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Suppose you receive an e-mail from a stock broker who claims to be able to accur

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Suppose
you receive an e-mail from a stock broker who claims to be able to
accurately predict whether any given stock will rise or fall in price
during the subsequent month. To “prove” her claim, she makes a
prediction about performance (higher price or lower price) for ten
stocks over the next month. You are skeptical of the broker’s claim, and
assume she simply guesses which stocks will improve or worsen in price
over any given month. Put another way, you assume she has a 50% chance
of being correct in her prediction for any given stock. Based on this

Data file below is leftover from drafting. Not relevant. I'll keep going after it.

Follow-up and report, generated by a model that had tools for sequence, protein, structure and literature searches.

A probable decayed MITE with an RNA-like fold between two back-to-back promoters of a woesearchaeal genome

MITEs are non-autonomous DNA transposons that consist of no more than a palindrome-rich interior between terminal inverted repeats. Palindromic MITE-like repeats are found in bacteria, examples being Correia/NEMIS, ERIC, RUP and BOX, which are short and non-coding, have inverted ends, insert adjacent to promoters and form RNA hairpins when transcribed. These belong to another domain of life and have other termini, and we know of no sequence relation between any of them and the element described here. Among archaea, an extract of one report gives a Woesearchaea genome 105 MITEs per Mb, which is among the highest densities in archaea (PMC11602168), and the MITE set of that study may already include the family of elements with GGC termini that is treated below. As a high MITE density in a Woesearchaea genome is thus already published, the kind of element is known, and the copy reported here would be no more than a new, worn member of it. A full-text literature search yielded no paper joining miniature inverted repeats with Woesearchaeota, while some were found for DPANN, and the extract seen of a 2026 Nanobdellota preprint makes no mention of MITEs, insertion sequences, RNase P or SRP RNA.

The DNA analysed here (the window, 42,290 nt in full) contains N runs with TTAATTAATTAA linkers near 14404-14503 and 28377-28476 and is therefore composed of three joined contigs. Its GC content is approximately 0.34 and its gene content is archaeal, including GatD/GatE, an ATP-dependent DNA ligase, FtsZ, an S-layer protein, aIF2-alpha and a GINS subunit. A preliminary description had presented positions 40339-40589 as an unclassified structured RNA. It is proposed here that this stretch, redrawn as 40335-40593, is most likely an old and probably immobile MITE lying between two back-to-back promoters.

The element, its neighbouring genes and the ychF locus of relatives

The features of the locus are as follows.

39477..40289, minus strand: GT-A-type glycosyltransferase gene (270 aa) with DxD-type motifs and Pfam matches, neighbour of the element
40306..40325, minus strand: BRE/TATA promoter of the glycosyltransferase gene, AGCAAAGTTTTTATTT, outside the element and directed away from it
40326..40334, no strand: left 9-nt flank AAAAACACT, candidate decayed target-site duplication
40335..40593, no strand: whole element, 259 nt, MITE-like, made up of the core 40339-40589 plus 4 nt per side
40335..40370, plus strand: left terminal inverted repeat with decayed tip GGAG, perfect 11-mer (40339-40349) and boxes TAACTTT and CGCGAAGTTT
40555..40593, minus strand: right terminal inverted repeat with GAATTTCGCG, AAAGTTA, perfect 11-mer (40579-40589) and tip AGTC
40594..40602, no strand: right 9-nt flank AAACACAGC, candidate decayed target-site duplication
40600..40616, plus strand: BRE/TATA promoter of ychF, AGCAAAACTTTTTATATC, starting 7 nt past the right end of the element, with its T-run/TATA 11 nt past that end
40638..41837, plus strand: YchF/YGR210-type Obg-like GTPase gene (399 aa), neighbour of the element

assumption, you derive the following probabilities concerning her ten
picks: Number of correct picks
0
1
2
3
4
5
6
7
8
9
10
Probability
0.001
0.01
0.044
0.117
0.205
0.246
0.205
0.117
0.044
0.01
0.001
What is the empirically testable conclusion resulting from your deductive reasoning?
How could you test your empirically testable conclusion using a data sample?
Outline
the inductive and deductive reasoning you could use to evaluate whether
or not the broker is simply guessing in her stock picks.
Requirements: .doc file

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